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Abstract

Purpose

The article traces the origins of the competitive intelligence fields and identifies both the practitioner, academic and inter‐disciplinary views on CI practice. An examination of the literature relating to the field is presented, including the identification of the linear relationship which CI has with marketing and strategic planning activities.

Design/methodology/approach

Bibliometric assessment of the discipline. Findings reveal the representation of cross disciplinary literature which emphasises the multi‐faceted role which competitive intelligence plays in a modern organization.

Findings

The analysis supports the view of competitive intelligence being an activity consisting dominantly of environmental scanning and strategic management literature. New fields of study and activity are rapidly becoming part of the competitive intelligence framework.

Research limitations/implications

The analysis only uses ABI Inform as the primary sources for literature alongside Society of Competitive Intelligence Professionals (SCIP) and Competitive Intelligence Foundation (CIF) publications, particularly the Journal of Competitive Intelligence and Management. A more comprehensive bibliometric analysis might reveal additional insights. Simple counts were used for analytical purposes rather than co‐citation analysis.

Practical implications

Attention is drawn to the need for the integration of additional, complementary fields of study and competitive intelligence practice. It is clear that today's competitive intelligence practitioner cannot afford to rely on what they learned 20 years ago in order to ensure the continued competitive advantage of their firm. A keen understanding of all business functions, especially marketing and planning is advocated.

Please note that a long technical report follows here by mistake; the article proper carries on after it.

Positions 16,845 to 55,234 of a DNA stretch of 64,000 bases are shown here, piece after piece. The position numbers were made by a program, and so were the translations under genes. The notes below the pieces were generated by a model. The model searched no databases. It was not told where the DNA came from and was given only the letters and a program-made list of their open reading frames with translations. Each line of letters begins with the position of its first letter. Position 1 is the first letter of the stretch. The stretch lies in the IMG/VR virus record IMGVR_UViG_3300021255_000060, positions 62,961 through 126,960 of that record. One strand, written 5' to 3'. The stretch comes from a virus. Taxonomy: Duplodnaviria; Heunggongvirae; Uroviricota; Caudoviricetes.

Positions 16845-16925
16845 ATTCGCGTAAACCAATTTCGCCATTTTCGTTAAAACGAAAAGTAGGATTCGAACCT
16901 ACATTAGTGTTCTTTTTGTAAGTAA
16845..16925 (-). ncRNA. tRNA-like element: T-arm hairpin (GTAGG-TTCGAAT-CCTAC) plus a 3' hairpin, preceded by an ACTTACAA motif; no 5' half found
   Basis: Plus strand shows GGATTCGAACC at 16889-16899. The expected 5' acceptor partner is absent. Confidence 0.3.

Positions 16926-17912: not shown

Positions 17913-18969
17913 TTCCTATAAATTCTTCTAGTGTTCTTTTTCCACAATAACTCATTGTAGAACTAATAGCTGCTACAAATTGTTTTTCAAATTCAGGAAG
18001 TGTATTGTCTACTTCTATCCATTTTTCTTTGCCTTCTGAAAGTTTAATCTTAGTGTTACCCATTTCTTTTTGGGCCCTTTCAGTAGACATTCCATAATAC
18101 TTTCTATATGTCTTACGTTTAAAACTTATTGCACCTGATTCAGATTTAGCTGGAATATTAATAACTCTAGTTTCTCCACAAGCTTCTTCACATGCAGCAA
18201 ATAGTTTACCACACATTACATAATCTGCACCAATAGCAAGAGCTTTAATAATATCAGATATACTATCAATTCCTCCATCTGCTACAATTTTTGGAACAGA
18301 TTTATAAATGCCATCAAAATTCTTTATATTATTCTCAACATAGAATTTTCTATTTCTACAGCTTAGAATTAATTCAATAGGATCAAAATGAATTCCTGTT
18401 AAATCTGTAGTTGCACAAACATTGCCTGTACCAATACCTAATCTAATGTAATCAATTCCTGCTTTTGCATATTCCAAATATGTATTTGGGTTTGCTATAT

Originality/value

While there have been bibliographies of competitive intelligence literature there have been few attempts to relate this to the three distinct areas of practice. This article is of use to scholars in assisting them to disentangle the various aspect of competitive intelligence and also to managers who wish to gain an appreciation of the potential which competitive intelligence can bring to marking and business success.

Details

European Journal of Marketing, vol. 42 no. 7/8
Type: Research Article
ISSN: 0309-0566

Keywords

Article
Publication date: 1 May 2006

Sheila Wright and Jonathan L. Calof

Seeks to examine three empirical studies carried out in Canada, the UK and Europe with comparisons drawn on their approach and findings.

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Abstract

Purpose

Seeks to examine three empirical studies carried out in Canada, the UK and Europe with comparisons drawn on their approach and findings.

Design/methodology/approach

The studies were compared using a framework, developed by the authors, along four central elements and two influencing drivers.

Findings

Little measurement consistency or output value was evident. The current focus on isolated studies, carried out at a macro level, is discouraged.

Practical implications

Future studies need greater rigour, and consequently might be of more value to academics and practitioners.

Originality/value

The lack of research consistency is highlighted. Recommendations are made for stronger adhesion with other disciplines to develop a robust research agenda.

Details

European Journal of Marketing, vol. 40 no. 5/6
Type: Research Article
ISSN: 0309-0566

Keywords